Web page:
History of Great Holland
St Saints' Church, Great Holland.
© Copyright Peter Stack contributor to the Geograph Project and licensed for reuse under this Creative Commons Licence
History of Great Holland >> White's Directory 1848
White's Directory of Essex 1848
HOLLAND (GREAT) a scattered village, 3½ miles South West of Walton on the Naze, has in its parish 481 souls, and 2063A. 3R. 25P. of land, extending to the sea shore, where about 800 acres are protected from the incursions of the tides by a long sea wall, kept in repair by the Commissioners of Sewers. A small creek separates it from Little Holland, and the soil is various, some of it heavy, but all in high cultivation.
It was held by Lestan, a Saxon, in the Confessor's reign, and by Walter de Doai. It afterwards passed to the Bouchier, Darcy, Travers, and other families. Samuel Dennis Esq., is lord of the manor, but part of the soil belongs to the Knights of Windsor (owners of the Hall estate), L. Foaker, J. Page, Mrs. Reeve, and a few smaller owners.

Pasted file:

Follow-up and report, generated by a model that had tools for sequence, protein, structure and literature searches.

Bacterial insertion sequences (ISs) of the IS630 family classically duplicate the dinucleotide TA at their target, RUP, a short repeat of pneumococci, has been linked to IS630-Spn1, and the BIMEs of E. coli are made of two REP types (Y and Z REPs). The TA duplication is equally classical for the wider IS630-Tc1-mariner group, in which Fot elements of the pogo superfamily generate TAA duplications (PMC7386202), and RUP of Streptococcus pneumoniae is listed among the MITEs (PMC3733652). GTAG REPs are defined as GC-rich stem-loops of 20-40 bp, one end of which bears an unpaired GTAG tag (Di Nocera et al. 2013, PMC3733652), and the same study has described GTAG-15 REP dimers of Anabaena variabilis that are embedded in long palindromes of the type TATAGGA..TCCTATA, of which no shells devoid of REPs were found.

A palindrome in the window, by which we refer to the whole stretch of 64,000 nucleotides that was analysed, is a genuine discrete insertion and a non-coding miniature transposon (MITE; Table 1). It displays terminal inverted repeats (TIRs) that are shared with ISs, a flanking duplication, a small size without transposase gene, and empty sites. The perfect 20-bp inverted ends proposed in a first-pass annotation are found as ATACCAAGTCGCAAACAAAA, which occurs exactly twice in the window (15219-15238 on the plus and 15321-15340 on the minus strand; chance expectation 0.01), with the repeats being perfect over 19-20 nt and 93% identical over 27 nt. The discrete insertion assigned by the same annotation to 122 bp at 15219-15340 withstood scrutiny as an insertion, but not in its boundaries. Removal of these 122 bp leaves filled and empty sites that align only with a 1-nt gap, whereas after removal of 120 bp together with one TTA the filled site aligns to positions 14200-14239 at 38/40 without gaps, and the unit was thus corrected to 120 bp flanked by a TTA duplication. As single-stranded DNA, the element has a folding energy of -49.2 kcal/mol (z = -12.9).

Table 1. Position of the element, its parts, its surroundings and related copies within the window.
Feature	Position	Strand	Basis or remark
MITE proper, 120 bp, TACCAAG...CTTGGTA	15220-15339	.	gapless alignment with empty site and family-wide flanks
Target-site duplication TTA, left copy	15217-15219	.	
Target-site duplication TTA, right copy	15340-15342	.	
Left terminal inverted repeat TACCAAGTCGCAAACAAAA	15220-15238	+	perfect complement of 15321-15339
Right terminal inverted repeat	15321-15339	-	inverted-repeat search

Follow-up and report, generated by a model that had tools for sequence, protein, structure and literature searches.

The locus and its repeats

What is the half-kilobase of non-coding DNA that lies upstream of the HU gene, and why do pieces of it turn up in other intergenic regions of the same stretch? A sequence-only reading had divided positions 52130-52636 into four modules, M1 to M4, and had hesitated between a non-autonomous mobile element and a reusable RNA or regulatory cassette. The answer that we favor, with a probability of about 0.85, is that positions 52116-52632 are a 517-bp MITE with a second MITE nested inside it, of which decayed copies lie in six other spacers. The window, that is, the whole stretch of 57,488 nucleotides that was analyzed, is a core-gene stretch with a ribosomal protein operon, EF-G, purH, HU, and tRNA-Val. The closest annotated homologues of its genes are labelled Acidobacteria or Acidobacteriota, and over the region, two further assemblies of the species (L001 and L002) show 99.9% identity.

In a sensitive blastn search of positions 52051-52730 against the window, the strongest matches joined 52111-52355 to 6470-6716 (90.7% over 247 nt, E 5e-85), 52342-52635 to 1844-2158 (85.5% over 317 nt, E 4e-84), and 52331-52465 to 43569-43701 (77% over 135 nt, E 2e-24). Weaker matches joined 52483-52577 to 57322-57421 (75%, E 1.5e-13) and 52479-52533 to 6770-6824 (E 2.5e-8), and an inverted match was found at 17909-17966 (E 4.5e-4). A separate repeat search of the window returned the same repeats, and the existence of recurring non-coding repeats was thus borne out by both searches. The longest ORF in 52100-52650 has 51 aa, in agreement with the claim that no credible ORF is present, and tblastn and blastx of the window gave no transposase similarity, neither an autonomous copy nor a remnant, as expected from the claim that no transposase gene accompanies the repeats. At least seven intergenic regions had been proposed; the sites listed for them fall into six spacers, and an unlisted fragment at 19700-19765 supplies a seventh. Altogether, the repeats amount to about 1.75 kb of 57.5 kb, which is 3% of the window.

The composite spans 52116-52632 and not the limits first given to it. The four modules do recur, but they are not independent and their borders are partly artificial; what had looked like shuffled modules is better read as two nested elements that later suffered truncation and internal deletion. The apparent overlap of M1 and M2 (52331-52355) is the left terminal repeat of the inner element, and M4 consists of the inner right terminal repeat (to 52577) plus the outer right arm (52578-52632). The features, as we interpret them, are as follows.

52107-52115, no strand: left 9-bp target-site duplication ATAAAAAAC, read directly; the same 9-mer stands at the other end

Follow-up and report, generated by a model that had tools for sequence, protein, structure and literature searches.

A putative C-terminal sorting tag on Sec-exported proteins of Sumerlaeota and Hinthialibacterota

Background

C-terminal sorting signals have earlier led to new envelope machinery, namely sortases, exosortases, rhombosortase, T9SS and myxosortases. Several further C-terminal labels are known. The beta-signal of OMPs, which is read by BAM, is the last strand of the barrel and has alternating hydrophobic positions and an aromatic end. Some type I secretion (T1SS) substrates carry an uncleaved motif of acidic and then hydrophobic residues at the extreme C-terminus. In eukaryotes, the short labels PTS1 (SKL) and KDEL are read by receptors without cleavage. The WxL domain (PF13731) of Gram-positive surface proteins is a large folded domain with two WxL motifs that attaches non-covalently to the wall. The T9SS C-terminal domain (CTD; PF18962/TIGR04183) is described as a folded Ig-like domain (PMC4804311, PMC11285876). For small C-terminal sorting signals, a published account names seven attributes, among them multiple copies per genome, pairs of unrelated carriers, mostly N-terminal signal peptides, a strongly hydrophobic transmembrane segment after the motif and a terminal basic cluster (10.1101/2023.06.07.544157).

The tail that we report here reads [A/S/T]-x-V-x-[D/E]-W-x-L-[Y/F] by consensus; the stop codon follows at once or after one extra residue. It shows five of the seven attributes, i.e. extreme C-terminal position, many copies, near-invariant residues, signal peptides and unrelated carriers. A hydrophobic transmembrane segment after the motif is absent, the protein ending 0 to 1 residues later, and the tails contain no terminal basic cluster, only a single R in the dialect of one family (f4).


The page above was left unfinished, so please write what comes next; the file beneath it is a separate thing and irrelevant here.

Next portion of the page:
The Church (All Saints,) is an ancient edifice, with a tower and three bells. The interior was repaired, and an organ erected in 1844.
The rectory, valued in K.B. at £17.13s.9d., and 1831 at £700, is in the patronage of Corpus Christi College, Oxford, and incumbency of Rev. Henry Rice, who has about 70A. of glebe, and a good residence. The tithes were commuted in 1841 for £777.16s. per annum.
The National School was built in 1832.
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Great Holland - Cary's New and Correct English Atlas, 1798
Great Holland - First Series Ordnance Survey Map 1805
This work is based on data provided through www.VisionofBritain.org.uk and uses historical material which is copyright of the Great Britain Historical GIS Project and the University of Portsmouth. Licensed for reuse under this Creative Commons Licence BY-SA-4.0
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